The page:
If there are any appeals, the proposed decision of the administrative law judge must be delivered to the board or county superintendent no later than May 7. A copy of the proposed decision must be sent to all affected employees. Before May 15, the board must adopt a final decision regarding laying off employees effective for the following school year.

Critics at state board meeting say school dashboard missing the mark
California’s uneven efforts towards educational equity for all student groups was at the center of January’s State Board of Education meeting. At issue were two competing systems for measuring progress and identifying groups in need of help.
In December, the U.S. Department of Education sent feedback on California’s Every Student Succeeds Act plan that said the state needed to provide more information on how it met the ESSA requirement that schools in need of assistance be identified. Federal law also requires states to develop an improvement plan for the lowest performing 5 percent of schools.

At the January SBE meeting, board members instead said they would provide the federal government with more information on how the state’s new accountability system, the California School Dashboard, works to “clarify the issues raised.” The system tracks progress by school districts. Board members also stressed more patience as the Dashboard continues to evolve.

The DACA repeal and its impact on schools
On Sept. 5, 2017, the Trump Administration announced an end to the Deferred Action for Childhood Arrivals program.
As a result of the decision, individuals currently covered by DACA will begin to lose their protection and work authorization on March 6, 2018. This has raised questions for school districts about the impact on students and schools, and what actions school boards can or must take.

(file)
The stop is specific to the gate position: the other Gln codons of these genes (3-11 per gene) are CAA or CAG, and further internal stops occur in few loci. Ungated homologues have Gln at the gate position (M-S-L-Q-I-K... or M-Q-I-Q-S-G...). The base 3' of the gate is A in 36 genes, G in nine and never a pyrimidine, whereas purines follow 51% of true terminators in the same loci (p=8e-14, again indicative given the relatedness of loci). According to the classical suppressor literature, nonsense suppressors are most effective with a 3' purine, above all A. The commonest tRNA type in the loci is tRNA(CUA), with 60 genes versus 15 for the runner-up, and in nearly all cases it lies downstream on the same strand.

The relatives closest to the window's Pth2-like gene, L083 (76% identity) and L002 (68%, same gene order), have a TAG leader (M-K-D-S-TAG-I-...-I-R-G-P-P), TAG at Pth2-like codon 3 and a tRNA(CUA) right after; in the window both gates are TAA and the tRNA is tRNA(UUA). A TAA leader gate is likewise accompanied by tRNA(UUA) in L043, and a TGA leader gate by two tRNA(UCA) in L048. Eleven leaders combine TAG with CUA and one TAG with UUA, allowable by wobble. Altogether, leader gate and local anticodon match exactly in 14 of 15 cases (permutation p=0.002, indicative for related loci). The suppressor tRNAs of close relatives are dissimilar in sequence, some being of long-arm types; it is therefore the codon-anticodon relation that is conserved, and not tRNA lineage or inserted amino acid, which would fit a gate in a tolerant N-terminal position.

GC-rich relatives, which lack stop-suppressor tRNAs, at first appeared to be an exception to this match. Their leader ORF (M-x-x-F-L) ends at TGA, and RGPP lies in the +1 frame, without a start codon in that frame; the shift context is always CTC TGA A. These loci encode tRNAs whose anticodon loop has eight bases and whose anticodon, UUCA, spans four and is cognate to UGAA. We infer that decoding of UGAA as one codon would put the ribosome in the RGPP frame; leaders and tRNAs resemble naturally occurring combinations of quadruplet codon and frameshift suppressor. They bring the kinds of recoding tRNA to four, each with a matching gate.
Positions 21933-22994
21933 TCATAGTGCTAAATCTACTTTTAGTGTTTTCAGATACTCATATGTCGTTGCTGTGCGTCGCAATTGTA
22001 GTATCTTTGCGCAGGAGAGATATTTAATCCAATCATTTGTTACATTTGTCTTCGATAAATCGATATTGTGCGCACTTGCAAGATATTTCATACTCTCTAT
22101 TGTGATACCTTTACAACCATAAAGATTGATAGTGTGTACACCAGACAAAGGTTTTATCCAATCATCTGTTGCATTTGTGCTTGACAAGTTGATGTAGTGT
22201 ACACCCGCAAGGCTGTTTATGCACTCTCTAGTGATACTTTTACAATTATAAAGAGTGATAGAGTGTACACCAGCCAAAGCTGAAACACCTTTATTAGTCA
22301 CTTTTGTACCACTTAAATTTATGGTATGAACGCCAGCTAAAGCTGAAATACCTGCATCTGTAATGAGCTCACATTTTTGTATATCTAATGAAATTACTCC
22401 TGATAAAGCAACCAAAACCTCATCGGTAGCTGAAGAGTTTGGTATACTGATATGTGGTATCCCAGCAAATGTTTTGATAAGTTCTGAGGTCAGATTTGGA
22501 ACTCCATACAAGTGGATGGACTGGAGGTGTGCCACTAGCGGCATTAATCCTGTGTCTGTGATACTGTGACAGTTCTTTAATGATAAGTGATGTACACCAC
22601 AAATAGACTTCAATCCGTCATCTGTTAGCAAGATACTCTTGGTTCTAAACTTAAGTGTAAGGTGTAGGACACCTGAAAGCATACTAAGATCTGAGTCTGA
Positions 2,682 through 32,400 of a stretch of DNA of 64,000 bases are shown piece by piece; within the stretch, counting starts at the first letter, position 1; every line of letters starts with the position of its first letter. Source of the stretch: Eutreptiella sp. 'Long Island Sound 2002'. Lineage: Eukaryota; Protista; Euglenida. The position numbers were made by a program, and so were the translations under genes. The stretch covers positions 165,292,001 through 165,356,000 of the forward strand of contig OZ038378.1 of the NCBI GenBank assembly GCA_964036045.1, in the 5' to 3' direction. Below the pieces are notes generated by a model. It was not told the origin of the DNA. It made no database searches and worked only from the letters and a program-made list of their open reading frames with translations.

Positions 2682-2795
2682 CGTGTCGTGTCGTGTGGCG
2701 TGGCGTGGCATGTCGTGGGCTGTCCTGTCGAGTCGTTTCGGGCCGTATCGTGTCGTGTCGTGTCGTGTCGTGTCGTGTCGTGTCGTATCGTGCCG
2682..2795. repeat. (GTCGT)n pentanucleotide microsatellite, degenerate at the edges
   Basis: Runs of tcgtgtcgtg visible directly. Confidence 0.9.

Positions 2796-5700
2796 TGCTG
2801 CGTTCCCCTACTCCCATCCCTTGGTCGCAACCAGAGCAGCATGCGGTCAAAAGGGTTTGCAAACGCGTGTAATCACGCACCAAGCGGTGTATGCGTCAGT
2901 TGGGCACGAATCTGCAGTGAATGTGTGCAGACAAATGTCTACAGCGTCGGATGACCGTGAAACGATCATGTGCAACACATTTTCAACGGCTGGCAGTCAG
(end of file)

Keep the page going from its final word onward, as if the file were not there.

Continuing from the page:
The DACA program began in 2012, when the United States began offering undocumented immigrants who were brought to the U.S. as children, and who met a series of eligibility requirements, work authorization and a renewable two-year reprieve from deportation. Nearly 800,000 people were granted approval under the DACA program.

In order to qualify for the program, individuals needed to be under the age of 31 as of June 15, 2012, have arrived in the U.S. before they were 16 years old, have continuously resided in the U.S. since 2007, have virtually no criminal record, and be either currently enrolled in school, have graduated from high school, obtained a General Equivalency Diploma or be an honorably discharged military veteran.

UpcomingEvents info: 800-266-3382
Register for any of these events at www.csba.org/TrainingAndEvents.
February 23–24, 2018 | El Centro
MIG Courses
March 1, 2018 | Anaheim
2018 The Brown Act
March 2–3, 2018 | Anaheim
2018 Institute for New and First Term Board Members
March 3, 2018 | Bakersfield
MIG Course 5
March 9–10, 2018 | San Diego
MIG Courses
March 16–17, 2018 | El Centro
MIG Courses
March 23–24, 2018 | Woodland
County Board Advanced Governance Workshop
Thanks for reading our February 2018 newsletter!